6. Risk Factors: Community Risk Factors – Laws & Norms
6.6 Household Spending on Alcohol
The following table presents per household spending on alcohol for the year for this county, the state and the
nation.
Per Household Spending on Alcohol, 2004 est. (AGS, 2005)
Vermillion
Co.
Indiana
U.S.
Consumer spending on alcoholic beverages
405
439
460
Spending on Alcohol for Consumption outside the
Home
176
188
197
Beer and ale away from home
58
62
65
Wine away from home
27
29
30
Whiskey away from home
45
48
50
Alcohol On Out-Of-Town Trips
46
49
52
Spending on Alcohol for Consumption in the Home
230
250
261
Beer and ale at home
133
145
152
Wine at home
55
60
63
Whiskey and other liquor at home
42
45
46
GIS in Prevention, County Profiles, Series 3
Table 6.6:
Per
Household
Spending on
Alcohol
(AGS,
Consumer
Spending
2004, 2005)
6. Risk Factors: Community Risk Factors – Laws & Norms
Map: Spending on Beer/Ale for Home
Indiana Prevention Resource Center
AGS, Consumer Spending,
2004 est., 2005
GIS in Prevention, County Profiles, Series 3
6. Risk Factors: Community Risk Factors – Laws & Norms
6.7 Household Spending on Tobacco
The following table shows per household spending on tobacco products. To give a better perspective we will
compare this figure to household spending on miscellaneous reading materials and personal insurance.
Per Household Spending on Tobacco, 2004, est. (AGS, 2005)
County
Vermillion Co.
Indiana
U.S.
393
428
443
Cigarettes
356
388
400
Other Tobacco Products
37
41
44
226
245
257
Newspapers
101
109
114
Magazines
48
52
54
Books
78
84
88
485
523
552
Per Household Spending on Tobacco Products
Per Household Spending on Misc. Reading
Personal insurance
GIS in Prevention, County Profiles, Series 3
Table 6.7: Per
Household
Spending on
Tobacco Products,
Miscellaneous
Reading and
Personal Insurance
(AGS, Consumer
Spending 2004,
2005)
6. Risk Factors: Community Risk Factors – Laws & Norms
6.8 Tobacco Production
Many counties in Indiana produce tobacco. Economic dependence upon tobacco influences community norms
regarding smoking. It is therefore important to take into account which counties produce tobacco, the
prevalence of production, number of farms producing tobacco, acres in tobacco production, and pounds of
tobacco harvested. If the county does not produce tobacco, the rest of this page will be empty.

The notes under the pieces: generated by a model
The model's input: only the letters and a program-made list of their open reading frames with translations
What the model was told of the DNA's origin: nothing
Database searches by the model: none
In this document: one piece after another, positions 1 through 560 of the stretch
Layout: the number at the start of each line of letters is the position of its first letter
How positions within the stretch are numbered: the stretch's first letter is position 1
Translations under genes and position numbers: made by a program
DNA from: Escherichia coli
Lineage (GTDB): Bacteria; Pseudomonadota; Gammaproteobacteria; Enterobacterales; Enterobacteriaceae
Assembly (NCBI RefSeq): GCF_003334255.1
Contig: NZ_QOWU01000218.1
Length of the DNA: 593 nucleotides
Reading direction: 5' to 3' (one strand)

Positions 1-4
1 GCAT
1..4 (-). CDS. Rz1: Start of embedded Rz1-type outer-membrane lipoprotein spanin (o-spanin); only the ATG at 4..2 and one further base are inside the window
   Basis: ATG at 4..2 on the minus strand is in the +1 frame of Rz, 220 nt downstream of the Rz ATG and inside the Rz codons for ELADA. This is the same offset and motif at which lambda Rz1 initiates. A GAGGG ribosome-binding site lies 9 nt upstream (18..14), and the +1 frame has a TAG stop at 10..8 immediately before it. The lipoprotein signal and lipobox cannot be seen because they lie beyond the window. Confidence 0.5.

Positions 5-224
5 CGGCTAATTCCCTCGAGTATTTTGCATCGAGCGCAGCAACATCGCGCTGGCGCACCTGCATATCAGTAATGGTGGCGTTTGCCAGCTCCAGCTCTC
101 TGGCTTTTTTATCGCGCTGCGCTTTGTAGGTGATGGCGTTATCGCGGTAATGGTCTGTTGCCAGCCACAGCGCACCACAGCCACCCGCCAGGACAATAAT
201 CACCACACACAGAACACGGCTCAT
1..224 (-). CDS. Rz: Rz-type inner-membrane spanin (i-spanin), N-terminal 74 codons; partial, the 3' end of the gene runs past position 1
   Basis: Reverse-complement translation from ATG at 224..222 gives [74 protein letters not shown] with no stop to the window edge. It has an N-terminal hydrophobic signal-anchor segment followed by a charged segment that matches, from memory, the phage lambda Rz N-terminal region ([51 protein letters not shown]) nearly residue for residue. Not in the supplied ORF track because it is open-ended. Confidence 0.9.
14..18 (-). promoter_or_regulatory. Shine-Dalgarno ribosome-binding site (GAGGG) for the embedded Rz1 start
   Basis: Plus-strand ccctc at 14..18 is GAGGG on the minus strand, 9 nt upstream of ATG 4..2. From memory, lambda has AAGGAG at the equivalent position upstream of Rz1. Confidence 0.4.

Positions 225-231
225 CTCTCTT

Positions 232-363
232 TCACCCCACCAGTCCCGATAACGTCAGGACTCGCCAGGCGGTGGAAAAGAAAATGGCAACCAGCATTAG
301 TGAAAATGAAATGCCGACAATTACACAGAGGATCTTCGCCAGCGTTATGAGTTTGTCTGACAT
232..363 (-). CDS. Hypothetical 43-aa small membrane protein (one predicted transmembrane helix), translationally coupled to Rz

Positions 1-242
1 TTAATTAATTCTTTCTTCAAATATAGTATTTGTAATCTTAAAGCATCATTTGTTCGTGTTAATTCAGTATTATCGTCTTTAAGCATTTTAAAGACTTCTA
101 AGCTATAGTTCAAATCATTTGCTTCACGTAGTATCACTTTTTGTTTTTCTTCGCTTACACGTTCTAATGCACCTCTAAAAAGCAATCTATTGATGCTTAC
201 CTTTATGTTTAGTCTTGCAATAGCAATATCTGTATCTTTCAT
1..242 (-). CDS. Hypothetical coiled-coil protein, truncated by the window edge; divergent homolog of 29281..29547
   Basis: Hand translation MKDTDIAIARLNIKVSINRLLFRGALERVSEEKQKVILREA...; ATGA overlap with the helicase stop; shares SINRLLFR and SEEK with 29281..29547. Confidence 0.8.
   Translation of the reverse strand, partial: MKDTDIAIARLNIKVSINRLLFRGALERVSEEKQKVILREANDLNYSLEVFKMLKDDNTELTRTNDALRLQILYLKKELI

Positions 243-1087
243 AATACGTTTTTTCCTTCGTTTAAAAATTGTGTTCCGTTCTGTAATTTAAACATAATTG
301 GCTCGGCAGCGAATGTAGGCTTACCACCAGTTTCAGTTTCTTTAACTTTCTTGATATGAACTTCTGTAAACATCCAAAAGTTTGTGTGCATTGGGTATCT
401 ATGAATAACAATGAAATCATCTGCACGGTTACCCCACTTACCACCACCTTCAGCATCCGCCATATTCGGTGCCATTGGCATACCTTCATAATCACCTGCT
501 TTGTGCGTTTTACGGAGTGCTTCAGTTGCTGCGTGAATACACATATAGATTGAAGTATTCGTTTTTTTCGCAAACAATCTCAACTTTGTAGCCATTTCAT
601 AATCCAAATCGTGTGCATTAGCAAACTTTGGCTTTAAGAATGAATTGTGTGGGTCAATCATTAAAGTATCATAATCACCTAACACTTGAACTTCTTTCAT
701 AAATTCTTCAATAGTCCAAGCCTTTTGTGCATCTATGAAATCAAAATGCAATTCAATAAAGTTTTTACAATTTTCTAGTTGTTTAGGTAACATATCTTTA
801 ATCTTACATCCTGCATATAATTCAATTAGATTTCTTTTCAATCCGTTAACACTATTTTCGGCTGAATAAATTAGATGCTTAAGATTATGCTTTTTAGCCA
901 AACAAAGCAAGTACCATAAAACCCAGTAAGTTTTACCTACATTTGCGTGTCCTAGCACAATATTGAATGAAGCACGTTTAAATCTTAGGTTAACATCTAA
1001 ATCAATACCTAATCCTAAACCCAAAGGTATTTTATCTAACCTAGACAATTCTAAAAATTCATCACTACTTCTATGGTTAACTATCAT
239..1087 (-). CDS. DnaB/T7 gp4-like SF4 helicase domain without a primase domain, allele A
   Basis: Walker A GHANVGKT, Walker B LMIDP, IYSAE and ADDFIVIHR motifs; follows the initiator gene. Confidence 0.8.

Table 6.8: Tobacco Production, 2002. Source: Department of Agriculture, 2006.
http://www.nass.usda.gov/census/census02/volume1/in/st18_2_023_023.pdf
GIS in Prevention, County Profiles, Series 3
6. Risk Factors: Community Risk Factors – Laws & Norms
6.9 Youth Access to Tobacco
The IPRC is grateful to Sergeant Poindexter, State Director of the Indiana Tobacco Retailer Inspection
Program (TRIP) and to Desiree Goetze, Coordinator of TRIP at the Indiana Prevention Resource Center, and
to the staff and police officers of TRIP for all the support they have given to this project.
The IPRC has studied the TRIP data generously made available by the Indiana State Excise Police and has
created two additional statistical measurements:
1)
for the intensity of inspections (the number of inspections relative to the total number of outlets);
2)
for the number of inspections per capita for the population of youth most likely to seek access to
tobacco, (i.e., youth ages 10-17).
Intensity of inspection can be viewed as one of many possible indicators of the degree of a county’s involvement in
activities to create or maintain a community norm that youth access to tobacco is not tolerated.
GIS in Prevention, County Profiles, Series 3
6. Risk Factors: Community Risk Factors – Laws & Norms
6.9 Intensity of Inspection (TRIP)
This table presents summary information relevant to the Tobacco Retail Inspection Program (TRIP) and
tobacco access for minors. The Intensity of Inspection is one indicator of the degree of determination to
establish and maintain a social norm of “no tolerance” for the sale of tobacco to minors and youth access to
tobacco. This table also includes rankings of key variables.
TRIP Inspection Data, Vermillion Co. (using data for 2004 from IN State Excise
Police), ATC 2005
County Name
Vermillion
Indiana
Intensity of Inspection
NA
1.50
No of Inspections per 1,000 Youth, 10-17
NA
10.30
Population Age, 10-17
1,759
720,070
Total Population
16,504
6,230,346
Total No. of Tobacco Retail Outlets
15
4938
Total Inspections Completed
NA
7416
Failed Inspections
NA
981
Percent, Failed Inspections
NA
13.23%
Percent, Passed Inspections
NA
86.77%
Ranking (1-78) for % Failed Inspections
NA
Ranking (1-78) for % Passed Inspections
NA
GIS in Prevention, County Profiles, Series 3
Table 6.9:
Intensity of TRIP
Inspections and
Related Statistics,
Calculations for
2004 Based on
Data from the
TRIP Program
(ATC, Indiana
State Excise Police,
2005)
6. Risk Factors: Community Risk Factors – Laws & Norms
6.10 Gambling Casinos & Race Tracks
The presence of gambling establishments -- like the presence of tobacco and alcohol outlets, billboards and
other forms of advertising – provides information on community environment and, because of the
relationship between gambling and ATOD use, would appear to be an indicator of risk for ATOD problems in